String Literals

This is a discussion on String Literals within the C++ Programming forums, part of the General Programming Boards category; Is there a way to make a program treat a variable like a string literal? i.e: Code: void func(any & ...

  1. #1
    Registered User
    Join Date
    Sep 2002
    Posts
    417

    String Literals

    Is there a way to make a program treat a variable like a string literal?

    i.e:

    Code:
    void func(any & x)
    {
          char * temp;
          // get data
          x = temp;
    }
    And not losing the data because it goes out of scope, sort of like this?

    Code:
    void func(any & x)
    {
          x = "temp";
    }
    (without dynamically allocating)

  2. #2
    Just because ygfperson's Avatar
    Join Date
    Jan 2002
    Posts
    2,493
    Try 'const char * temp;'. I believe that's how literals are treated in C++ normally.

    Can someone else elaborate on this, please?

  3. #3
    Registered User
    Join Date
    Sep 2002
    Posts
    417
    I think I tried that, but I'm not sure... I'll try that now.

    I tried, alas, nope.

    Thanks anyway

  4. #4
    End Of Line Hammer's Avatar
    Join Date
    Apr 2002
    Posts
    6,231
    Magic word: static.
    When all else fails, read the instructions.
    If you're posting code, use code tags: [code] /* insert code here */ [/code]

  5. #5
    Registered User
    Join Date
    Sep 2002
    Posts
    417
    static is nice...

    only its useless for this.

    this will be run multiple times, and the data inside the class can't be changed when the data is changed

  6. #6
    Just because ygfperson's Avatar
    Join Date
    Jan 2002
    Posts
    2,493
    So declare the data mutable and make your function a 'const' function.

  7. #7
    Registered User
    Join Date
    Sep 2002
    Posts
    417
    its an ostream overload, so its not inclass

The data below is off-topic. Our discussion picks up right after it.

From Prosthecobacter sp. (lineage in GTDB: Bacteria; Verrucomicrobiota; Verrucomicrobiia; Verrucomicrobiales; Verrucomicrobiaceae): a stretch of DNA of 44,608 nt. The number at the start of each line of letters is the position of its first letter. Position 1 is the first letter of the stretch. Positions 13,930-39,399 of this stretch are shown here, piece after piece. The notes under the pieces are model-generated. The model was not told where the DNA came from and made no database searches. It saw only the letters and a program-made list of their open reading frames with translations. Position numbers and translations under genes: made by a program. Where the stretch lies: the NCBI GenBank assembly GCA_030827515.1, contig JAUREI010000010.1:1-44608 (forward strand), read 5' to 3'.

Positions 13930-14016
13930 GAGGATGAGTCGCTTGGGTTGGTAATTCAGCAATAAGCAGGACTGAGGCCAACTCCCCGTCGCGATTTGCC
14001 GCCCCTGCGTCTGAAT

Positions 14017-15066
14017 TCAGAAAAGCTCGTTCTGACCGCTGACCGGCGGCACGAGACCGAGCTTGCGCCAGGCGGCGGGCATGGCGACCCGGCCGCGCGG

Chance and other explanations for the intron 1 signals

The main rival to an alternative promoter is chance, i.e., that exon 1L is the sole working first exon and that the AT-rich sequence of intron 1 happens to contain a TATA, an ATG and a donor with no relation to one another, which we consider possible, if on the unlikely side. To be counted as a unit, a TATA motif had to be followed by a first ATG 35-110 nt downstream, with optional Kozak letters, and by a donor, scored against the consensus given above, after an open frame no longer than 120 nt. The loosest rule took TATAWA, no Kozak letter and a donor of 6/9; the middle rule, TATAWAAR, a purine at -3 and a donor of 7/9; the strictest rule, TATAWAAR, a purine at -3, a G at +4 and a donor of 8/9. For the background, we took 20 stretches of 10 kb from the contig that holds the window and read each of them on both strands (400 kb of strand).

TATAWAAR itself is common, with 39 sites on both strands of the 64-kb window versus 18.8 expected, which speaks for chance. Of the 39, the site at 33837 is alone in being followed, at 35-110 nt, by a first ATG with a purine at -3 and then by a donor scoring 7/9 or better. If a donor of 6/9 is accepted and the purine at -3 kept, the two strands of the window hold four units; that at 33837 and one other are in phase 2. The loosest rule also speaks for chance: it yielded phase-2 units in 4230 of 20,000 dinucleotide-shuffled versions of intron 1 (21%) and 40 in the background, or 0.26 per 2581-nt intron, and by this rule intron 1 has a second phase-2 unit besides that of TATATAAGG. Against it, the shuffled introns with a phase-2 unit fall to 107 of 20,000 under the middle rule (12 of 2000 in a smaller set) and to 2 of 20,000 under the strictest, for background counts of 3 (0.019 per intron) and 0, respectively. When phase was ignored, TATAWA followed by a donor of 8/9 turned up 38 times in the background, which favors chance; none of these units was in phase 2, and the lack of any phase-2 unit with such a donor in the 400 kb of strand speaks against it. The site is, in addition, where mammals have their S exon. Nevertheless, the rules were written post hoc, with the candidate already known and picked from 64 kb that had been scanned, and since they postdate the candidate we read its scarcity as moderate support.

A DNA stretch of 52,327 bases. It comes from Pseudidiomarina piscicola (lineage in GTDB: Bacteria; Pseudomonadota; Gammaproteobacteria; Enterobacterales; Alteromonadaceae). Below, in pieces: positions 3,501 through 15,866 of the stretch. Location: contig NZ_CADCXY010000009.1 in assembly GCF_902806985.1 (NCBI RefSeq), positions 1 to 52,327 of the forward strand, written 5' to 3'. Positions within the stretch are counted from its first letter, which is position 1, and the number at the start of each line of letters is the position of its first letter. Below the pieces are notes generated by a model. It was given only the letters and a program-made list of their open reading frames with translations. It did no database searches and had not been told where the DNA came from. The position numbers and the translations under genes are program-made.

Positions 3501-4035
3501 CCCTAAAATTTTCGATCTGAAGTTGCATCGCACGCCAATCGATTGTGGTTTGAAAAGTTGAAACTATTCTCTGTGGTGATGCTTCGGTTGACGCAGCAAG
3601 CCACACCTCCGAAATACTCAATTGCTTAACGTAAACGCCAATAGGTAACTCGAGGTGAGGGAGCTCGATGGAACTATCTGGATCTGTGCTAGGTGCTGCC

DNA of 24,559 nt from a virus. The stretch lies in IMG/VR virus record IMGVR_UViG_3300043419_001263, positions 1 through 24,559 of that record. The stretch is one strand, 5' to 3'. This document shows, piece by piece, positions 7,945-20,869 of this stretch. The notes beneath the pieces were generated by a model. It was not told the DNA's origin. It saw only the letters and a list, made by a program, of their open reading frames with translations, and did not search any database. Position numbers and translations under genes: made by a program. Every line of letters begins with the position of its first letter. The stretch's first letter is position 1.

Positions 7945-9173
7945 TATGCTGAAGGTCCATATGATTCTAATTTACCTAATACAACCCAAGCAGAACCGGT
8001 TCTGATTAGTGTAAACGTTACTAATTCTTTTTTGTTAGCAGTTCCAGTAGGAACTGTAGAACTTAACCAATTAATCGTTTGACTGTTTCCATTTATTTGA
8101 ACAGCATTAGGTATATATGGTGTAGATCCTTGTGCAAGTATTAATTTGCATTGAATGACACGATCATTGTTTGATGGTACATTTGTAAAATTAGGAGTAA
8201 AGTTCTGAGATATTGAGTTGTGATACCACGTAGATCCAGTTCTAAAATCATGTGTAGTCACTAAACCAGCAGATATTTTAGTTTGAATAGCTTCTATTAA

8. #8
    I lurk
    Join Date
    Aug 2002
    Posts
    1,361
    Originally posted by Trauts
    its an ostream overload, so its not inclass
    It doesn't matter, it accepts a class as one of its arguments, no? Declare whatever data inside that class which will be changed as 'mutable'. eg. mutable int m_data;
    I really don't think you're explaining yourself very well... some real code would be of use right about now.

  9. #9
    Registered User
    Join Date
    Sep 2002
    Posts
    417
    stream / bitshift overloads

    the real problem on that post is the fact that it can't choose which operator when the bitshift ones are there... it tries to take the ostream in the template.

    I don't know how to fix that.

Popular pages Recent additions subscribe to a feed

Similar Threads

  1. String Class
    By BKurosawa in forum C++ Programming
    Replies: 117
    Last Post: 08-09-2007, 01:02 AM
  2. String issues
    By The_professor in forum C++ Programming
    Replies: 7
    Last Post: 06-12-2007, 09:11 AM
  3. How to concatenate, then widen string literals
    By lonehacker in forum C Programming
    Replies: 13
    Last Post: 09-15-2004, 10:56 AM
  4. Classes inheretance problem...
    By NANO in forum C++ Programming
    Replies: 12
    Last Post: 12-09-2002, 02:23 PM
  5. Warnings, warnings, warnings?
    By spentdome in forum C Programming
    Replies: 25
    Last Post: 05-27-2002, 06:49 PM

1 2 3 4 5 6 7 8 9 10 11 12 13 14 15 16 17 18 19 20 21